Shame on you!
- 12 days since the Sunkoshi disaster, govt is content dishing out promises
Aug 13, 2014-
Twelve days have passed since the catastrophic landslide in Sindhupalchok district. This event caused shockwaves, and senior government officials, including Cabinet members, promised to do all that they could to provide relief and to clear the debris which has dammed up the river since. Yet, very little seems to have been accomplished. The disaster relief fund under the Prime Minister’s Office has collected around Rs 10 million for the victims of the landslide, but this money has not yet been mobilised. The district disaster relief fund, consisting of Rs 3.2 million in donations, remains unspent as well. According to reports, authorities are waiting to devise programmes before they spend the money.
Most worryingly, the debris from the landslide has dammed the Sunkoshi river, creating an artificial lake. The lake has been expanding and, if it bursts, will cause major devastation to surrounding areas and downstream. For over a week, the Nepal Army has been trying to release water from the lake through controlled explosions. However, the process remains incomplete. According to allegations by some political leaders who visited the area, the Army and police have failed to make any headway in draining the lake. The situation now appears to be getting dire. There is forecast for heavy rains the next few days, including in the river’s catchment area. If rains do lash the area, the lake will further expand. This will on the one hand threaten upstream neighbourhoods as the water level in the lake rises. Residents of Barhabise, the largest settlement and business hub in the area, are literally living on the edge. But there is a huge risk for settlements downstream should the lake burst.
The suffering of the inhabitants of the area, and the prospect of a major catastrophe, does not seem to have caused major concern to the government. Ministers seem content to delegate responsibility to clear the lake to the Army and police. They are more concerned with power games in Kathmandu. Some lawmakers have criticised the government for failing to seek help from international sources, even when it has become clear that current efforts to clear the lake have not been successful. The government’s claims that it is capable of sorting out the Sunkoshi mess now appear as plain jingoist bluster. Our politicians seem to adopt a nationalistic stance when it is least needed. Further, it is unfathomable that the funds collected for relief still haven’t been spent. It is clear that the authorities--at all levels--are guilty of unconscionable delay in ensuring that the survivors of the landslide receive adequate food and shelter.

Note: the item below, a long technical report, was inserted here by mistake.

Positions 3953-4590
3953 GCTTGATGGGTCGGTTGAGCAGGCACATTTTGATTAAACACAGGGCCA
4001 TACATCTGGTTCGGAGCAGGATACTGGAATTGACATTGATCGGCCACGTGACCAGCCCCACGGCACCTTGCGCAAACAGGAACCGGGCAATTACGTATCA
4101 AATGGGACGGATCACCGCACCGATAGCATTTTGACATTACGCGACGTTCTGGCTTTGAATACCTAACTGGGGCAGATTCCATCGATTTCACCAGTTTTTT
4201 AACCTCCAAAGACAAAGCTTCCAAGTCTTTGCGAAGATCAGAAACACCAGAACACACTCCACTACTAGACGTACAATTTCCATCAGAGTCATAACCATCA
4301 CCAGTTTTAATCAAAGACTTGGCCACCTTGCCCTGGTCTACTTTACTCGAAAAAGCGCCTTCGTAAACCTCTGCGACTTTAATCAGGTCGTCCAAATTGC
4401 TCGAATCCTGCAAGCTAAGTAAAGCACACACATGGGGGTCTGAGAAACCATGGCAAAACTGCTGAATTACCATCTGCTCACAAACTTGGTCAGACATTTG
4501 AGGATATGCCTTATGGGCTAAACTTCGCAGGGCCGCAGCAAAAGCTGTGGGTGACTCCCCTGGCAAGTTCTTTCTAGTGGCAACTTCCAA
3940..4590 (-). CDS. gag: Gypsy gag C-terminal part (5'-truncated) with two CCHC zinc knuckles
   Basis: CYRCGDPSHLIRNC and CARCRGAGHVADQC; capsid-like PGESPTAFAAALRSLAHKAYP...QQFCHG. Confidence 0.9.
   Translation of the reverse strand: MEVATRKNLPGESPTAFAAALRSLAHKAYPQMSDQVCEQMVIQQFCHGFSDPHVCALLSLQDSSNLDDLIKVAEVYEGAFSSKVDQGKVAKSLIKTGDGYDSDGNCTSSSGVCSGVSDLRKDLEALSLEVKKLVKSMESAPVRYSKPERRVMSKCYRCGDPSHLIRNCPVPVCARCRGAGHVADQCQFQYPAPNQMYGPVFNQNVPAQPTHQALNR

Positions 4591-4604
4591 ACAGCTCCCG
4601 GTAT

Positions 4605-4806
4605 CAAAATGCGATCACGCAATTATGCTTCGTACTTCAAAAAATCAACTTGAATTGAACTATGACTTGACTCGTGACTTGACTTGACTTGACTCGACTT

The Home Ministry and Army meanwhile claim that their work is now bearing fruit. We hope that this is indeed true and the lake will soon be drained. If, however, they are facing difficulties in clearing the lake, they should immediately make this public knowledge. The government should then decide on an emergency strategy that will involve seeking support from neighbouring countries which have been offering help in clearing the artificial lake. Meanwhile, the funds for relief should be immediately mobilised. The help of NGOs and INGOs should also be taken in the provision of humanitarian relief.
Published: 14-08-2014 09:47